Daher Ahmed Farah, editor of the newspaper Le Renouveau, has been sent back to Djibouti’s Gabode prison after the appeal court sentenced him to three months for libel and ordered him to pay 65,000 euros in damages. The court also banned his newspaper for three months.
Reporters Without Borders voiced outrage at the Djibouti appeal court’s decision today to sentence Daher Ahmed Farah, editor of the newspaper Le Renouveau, to three months in prison for libelling the army chief of staff, Gen. Zakaria Cheik Ibrahim. At the end of the court hearing, Farah was taken back to Djibouti’s Gabode prison, from which he had been released on a lower court’s decision on 23 June.
The appeal court also gave Farah an additional three months’ suspended sentence, ordered him to pay 13 million Djibouti francs (about 65,000 euros) in damages, fined him 200,000 Djibouti francs (about 1,000 euros) and banned his newspaper from appearing for three months.
"This is outright harassment," said Reporters Without Borders secretary-general Robert Ménard, pointing out that this was the third time Farah has been imprisoned this year on the same charges, ones that were dismissed by the lower court just two weeks ago. "This is not serious," he said.
Ménard also condemned the "astronomical" damages set by the court, which he described as a "death sentence" for Le Renouveau. "How will a little newspaper selling just a few hundred copies be able to find more than 65,000 euros? The authorities know very well this is the way to silence a newspaper that is bothering them."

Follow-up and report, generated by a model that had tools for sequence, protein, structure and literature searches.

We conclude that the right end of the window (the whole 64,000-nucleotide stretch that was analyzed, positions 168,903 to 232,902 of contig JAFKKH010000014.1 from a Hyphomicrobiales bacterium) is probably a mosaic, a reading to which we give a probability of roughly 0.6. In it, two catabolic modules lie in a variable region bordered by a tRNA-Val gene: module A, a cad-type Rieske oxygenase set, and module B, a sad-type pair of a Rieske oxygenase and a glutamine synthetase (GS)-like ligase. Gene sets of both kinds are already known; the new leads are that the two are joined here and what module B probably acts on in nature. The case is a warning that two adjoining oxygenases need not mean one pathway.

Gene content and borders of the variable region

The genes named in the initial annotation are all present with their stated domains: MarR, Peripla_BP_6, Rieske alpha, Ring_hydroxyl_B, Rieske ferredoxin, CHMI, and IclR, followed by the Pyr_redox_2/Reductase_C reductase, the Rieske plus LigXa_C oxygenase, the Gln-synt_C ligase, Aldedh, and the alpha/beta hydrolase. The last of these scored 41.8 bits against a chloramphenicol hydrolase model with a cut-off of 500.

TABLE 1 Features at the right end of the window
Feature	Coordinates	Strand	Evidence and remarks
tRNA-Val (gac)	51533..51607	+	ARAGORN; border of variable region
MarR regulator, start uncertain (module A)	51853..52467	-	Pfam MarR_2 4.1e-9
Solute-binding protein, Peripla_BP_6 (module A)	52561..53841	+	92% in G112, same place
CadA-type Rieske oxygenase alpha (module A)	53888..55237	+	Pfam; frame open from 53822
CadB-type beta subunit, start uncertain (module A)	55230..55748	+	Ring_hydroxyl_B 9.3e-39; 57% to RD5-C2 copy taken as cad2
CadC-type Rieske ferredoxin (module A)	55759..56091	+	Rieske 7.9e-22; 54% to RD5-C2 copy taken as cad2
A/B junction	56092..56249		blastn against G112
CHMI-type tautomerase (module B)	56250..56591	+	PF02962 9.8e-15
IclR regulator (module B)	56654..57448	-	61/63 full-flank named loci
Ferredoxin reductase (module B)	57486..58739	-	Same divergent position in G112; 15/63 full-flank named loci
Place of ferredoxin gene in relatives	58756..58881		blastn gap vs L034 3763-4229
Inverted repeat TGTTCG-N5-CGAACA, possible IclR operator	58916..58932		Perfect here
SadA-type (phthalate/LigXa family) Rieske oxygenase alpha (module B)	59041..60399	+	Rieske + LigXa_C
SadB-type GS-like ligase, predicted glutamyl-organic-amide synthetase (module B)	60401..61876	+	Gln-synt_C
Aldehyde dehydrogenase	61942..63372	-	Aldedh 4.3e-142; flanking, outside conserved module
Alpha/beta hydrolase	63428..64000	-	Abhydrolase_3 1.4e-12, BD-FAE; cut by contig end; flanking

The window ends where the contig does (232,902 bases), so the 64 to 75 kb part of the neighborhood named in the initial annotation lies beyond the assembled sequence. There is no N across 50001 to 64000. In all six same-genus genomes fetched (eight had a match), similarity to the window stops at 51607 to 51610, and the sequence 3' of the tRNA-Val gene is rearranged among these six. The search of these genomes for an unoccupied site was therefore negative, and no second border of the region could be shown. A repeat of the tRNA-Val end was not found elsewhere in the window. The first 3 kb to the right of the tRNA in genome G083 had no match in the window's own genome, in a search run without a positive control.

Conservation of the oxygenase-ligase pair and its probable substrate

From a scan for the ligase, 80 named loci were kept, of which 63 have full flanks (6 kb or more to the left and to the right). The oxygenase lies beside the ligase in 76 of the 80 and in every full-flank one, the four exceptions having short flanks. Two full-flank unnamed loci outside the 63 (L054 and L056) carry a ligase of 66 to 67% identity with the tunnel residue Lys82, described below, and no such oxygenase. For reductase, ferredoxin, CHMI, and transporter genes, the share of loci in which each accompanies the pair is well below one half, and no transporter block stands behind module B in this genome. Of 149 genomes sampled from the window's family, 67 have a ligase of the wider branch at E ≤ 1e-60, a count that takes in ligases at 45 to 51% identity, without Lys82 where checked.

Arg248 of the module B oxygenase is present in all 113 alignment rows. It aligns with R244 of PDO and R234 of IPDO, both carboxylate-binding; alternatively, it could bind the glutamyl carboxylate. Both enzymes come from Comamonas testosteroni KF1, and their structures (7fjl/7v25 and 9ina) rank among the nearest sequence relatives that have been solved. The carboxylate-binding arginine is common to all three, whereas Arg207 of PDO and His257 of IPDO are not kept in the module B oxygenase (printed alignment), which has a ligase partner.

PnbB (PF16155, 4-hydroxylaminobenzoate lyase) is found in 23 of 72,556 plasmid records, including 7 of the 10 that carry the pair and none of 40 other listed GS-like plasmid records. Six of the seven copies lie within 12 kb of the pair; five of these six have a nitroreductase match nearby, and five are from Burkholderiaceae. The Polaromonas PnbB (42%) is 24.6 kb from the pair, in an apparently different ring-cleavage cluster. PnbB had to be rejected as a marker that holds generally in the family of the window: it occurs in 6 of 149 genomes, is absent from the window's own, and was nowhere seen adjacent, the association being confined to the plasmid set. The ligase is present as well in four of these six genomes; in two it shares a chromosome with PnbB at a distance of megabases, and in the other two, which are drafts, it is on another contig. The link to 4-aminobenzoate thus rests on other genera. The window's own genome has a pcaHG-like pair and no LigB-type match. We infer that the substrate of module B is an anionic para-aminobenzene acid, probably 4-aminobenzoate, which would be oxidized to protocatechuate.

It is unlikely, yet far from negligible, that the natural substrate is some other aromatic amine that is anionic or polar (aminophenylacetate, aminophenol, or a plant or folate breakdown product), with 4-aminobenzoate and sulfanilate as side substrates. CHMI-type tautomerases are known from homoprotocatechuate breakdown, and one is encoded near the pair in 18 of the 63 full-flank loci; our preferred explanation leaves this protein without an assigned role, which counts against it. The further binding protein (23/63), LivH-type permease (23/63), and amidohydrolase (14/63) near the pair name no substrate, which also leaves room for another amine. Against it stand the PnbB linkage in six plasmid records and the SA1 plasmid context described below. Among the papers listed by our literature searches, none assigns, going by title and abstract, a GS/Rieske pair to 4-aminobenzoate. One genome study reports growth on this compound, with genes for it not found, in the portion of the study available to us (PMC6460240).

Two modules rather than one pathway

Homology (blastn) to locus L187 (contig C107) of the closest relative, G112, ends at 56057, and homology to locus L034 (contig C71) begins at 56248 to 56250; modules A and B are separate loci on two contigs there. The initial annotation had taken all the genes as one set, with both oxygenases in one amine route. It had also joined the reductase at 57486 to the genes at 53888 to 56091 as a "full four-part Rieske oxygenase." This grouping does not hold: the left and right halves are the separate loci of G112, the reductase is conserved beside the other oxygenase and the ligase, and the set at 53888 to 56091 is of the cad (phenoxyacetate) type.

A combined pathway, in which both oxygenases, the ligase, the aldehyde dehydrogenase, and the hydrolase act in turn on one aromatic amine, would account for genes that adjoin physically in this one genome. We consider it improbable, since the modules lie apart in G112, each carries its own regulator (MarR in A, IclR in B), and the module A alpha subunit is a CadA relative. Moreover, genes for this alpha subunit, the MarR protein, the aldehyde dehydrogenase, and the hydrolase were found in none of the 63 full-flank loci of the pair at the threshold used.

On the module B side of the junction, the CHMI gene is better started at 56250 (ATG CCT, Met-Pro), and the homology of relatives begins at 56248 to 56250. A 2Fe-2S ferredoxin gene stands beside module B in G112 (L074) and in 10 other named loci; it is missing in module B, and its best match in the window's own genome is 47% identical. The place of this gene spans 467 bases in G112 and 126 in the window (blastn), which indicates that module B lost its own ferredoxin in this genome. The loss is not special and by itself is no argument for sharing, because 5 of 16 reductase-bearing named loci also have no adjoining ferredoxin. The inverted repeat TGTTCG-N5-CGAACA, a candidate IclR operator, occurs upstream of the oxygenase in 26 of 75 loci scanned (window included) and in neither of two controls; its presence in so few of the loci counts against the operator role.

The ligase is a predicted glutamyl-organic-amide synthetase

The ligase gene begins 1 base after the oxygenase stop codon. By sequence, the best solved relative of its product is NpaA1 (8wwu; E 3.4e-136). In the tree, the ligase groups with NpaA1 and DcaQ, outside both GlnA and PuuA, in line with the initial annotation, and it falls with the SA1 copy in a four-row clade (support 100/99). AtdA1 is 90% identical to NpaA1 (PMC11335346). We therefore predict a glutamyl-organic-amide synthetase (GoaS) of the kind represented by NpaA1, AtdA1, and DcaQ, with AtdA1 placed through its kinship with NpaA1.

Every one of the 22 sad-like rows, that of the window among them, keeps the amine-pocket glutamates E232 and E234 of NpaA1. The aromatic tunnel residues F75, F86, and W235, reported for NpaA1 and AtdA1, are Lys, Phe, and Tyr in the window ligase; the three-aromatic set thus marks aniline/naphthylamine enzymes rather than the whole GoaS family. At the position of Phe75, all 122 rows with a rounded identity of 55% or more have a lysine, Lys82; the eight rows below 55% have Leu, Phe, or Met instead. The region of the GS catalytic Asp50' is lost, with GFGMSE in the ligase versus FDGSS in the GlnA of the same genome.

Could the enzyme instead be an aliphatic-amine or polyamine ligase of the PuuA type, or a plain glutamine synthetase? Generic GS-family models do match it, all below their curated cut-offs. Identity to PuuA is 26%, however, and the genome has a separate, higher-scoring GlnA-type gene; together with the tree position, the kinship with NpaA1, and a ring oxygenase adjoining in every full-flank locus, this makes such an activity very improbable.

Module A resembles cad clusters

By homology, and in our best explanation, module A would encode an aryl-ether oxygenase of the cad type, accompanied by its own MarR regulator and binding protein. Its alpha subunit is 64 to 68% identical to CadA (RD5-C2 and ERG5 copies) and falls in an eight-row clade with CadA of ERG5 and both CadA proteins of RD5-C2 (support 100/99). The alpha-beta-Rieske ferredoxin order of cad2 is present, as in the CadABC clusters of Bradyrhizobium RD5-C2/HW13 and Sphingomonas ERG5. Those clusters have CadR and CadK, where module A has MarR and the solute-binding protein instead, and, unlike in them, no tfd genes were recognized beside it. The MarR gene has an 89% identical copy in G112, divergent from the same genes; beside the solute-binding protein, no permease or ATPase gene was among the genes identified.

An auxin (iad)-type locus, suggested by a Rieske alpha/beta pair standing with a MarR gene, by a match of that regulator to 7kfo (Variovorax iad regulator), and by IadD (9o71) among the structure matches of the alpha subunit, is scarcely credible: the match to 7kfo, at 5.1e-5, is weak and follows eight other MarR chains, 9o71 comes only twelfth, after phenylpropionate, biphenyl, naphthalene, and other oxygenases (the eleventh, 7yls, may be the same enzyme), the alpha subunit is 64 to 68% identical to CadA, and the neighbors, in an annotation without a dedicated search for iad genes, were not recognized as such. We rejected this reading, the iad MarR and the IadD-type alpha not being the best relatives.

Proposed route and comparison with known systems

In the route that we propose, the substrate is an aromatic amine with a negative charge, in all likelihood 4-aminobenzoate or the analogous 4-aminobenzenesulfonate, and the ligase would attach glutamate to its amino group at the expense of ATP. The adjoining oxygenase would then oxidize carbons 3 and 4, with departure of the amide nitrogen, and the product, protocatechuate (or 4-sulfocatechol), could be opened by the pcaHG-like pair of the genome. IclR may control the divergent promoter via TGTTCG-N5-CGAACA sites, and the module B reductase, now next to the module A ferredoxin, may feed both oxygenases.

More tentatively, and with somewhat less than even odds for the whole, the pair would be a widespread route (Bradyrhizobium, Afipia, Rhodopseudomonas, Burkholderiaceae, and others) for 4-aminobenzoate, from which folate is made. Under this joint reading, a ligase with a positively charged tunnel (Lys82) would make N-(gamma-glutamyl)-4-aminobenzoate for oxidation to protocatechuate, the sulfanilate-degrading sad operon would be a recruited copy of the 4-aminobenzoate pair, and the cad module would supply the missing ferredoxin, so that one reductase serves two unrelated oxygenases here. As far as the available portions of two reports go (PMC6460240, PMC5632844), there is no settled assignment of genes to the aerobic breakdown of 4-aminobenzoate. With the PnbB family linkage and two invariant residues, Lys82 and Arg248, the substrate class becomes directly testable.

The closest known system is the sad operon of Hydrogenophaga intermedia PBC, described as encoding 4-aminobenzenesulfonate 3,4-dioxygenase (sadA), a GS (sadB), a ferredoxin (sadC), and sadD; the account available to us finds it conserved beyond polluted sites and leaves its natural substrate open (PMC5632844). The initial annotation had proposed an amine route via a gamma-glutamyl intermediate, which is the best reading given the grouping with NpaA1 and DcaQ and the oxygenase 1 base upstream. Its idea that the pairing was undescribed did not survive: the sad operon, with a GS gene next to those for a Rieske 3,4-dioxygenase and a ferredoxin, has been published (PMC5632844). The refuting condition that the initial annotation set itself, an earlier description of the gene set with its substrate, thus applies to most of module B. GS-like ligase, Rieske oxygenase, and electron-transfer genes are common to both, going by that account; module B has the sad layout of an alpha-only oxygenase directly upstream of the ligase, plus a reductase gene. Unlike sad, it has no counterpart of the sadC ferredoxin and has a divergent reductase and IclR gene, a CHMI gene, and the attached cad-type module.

Farah has been convicted as a result of a libel suit brought by Gen. Zakaria and the members of a military folkloric troupe, the Troupe Harbi. The newspaper had claimed in its issue of 17 April that Gen. Zakaria was using the troupe for political and personal ends.
"Is it republican to use a component of the army to make propaganda for a regime," the newspaper asked in a comment addressed at the Gen. Zakaria. "Do you think you are acting as a republican officer when you lend yourself to the political exploitation of a military cultural troupe? General, is it true that female members of the Harbi Troupe continue to serve you as in the past, in sports dress, of course?"
Farah, who also heads an opposition party, the Movement for Democratic Renewal (MRD), had previously been arrested several times in recent years. In most cases he was accused of press crimes and was fined or sentenced to prison terms.